Balancing act: A guide to proportionate evaluation

  • Date of release: 2016
  • Type: Guidance & research reports
  • Sectors:
    Arts and culture, Children and families, Citizenship and communities, Community development, Crime and public safety, Disability, Domestic violence, Education and learning, Employment and training, Environment, Housing and homelessness, Infrastructure support, International development, Mental health, Older people, Physical health, Sport, Substance use and addiction, Volunteering, Young people
  • Difficulty: Easy
  • Developer/Author: NPC

What constitutes a proportionate and meaningful way to evaluate a programme? It’s a difficult but crucial question. This guide is to help you think through what proportionate and meaningful evaluation design looks like for your organisation. In doing so it draws on the literature on standards of evidence as one way of framing what good evaluation can be. It also argues that standards only help to answer some, not all, of an organisation’s considerations when determining their approach to evaluation.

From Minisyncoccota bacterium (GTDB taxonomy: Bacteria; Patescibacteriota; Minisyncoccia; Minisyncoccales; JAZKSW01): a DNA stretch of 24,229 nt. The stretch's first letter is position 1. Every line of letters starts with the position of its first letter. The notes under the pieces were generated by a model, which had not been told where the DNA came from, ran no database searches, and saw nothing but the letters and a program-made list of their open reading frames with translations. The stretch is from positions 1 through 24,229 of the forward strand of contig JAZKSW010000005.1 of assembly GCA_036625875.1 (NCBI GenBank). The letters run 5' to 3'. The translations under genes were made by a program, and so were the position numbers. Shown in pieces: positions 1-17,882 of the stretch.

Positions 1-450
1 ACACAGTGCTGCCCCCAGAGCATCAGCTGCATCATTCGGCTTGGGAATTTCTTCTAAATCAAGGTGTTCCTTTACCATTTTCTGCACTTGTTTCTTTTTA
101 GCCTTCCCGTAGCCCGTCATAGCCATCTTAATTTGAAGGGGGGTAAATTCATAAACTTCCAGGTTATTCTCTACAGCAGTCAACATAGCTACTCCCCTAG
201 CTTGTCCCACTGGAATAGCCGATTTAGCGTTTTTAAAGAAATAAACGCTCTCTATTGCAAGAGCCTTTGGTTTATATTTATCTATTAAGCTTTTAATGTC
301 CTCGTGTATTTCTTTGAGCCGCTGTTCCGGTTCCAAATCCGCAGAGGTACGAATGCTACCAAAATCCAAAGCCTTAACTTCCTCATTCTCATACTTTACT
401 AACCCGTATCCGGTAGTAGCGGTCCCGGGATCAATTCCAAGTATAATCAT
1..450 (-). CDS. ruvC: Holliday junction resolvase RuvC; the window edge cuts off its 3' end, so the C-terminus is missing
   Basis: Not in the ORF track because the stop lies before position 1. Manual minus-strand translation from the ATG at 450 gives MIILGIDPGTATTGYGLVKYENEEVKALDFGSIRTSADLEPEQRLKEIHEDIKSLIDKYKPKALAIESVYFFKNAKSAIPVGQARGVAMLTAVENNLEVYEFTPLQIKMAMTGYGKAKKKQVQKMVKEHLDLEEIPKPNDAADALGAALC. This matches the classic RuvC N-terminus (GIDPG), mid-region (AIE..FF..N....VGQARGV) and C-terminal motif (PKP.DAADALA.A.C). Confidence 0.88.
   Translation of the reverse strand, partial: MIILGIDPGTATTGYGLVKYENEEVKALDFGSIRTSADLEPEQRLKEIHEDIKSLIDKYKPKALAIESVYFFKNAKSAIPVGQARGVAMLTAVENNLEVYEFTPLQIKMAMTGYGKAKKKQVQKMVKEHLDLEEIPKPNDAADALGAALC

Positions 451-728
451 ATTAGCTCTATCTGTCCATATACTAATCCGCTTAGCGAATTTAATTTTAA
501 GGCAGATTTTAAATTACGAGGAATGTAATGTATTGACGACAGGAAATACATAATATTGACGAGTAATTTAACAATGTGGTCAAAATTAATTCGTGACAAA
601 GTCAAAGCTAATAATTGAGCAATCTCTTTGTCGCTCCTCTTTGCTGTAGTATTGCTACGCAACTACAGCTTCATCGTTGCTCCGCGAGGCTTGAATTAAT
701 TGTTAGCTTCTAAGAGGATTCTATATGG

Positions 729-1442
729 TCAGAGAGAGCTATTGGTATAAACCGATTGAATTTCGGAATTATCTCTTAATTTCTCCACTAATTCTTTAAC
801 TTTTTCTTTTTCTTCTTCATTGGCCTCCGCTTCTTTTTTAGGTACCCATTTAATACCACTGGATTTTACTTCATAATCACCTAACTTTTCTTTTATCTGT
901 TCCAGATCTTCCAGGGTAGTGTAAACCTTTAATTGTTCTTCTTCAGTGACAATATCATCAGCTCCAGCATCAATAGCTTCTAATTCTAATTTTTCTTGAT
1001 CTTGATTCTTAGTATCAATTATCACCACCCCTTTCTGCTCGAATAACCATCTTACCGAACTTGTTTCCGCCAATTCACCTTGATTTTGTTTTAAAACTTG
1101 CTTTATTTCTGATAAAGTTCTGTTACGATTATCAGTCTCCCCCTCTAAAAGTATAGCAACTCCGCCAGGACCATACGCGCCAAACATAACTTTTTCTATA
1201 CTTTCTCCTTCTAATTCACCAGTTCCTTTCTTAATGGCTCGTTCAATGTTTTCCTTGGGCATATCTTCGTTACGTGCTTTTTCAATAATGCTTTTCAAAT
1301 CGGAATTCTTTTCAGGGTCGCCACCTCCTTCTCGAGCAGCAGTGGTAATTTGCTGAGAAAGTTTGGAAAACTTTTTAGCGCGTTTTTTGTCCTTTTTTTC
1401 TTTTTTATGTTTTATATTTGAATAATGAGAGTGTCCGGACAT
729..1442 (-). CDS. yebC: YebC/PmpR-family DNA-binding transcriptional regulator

The main components of the paper are:

  • An introduction to the main types of evaluation, exploring the role of evidence standards in assessing evaluation design.
  • An outline of the key considerations to inform your decisions about the type and level of evidence that is appropriate for you.
  • A guidance table which links evidence needs and research questions to methodological options that accommodate different situations and budgets.

Balancing act: A guide to proportionate evaluation

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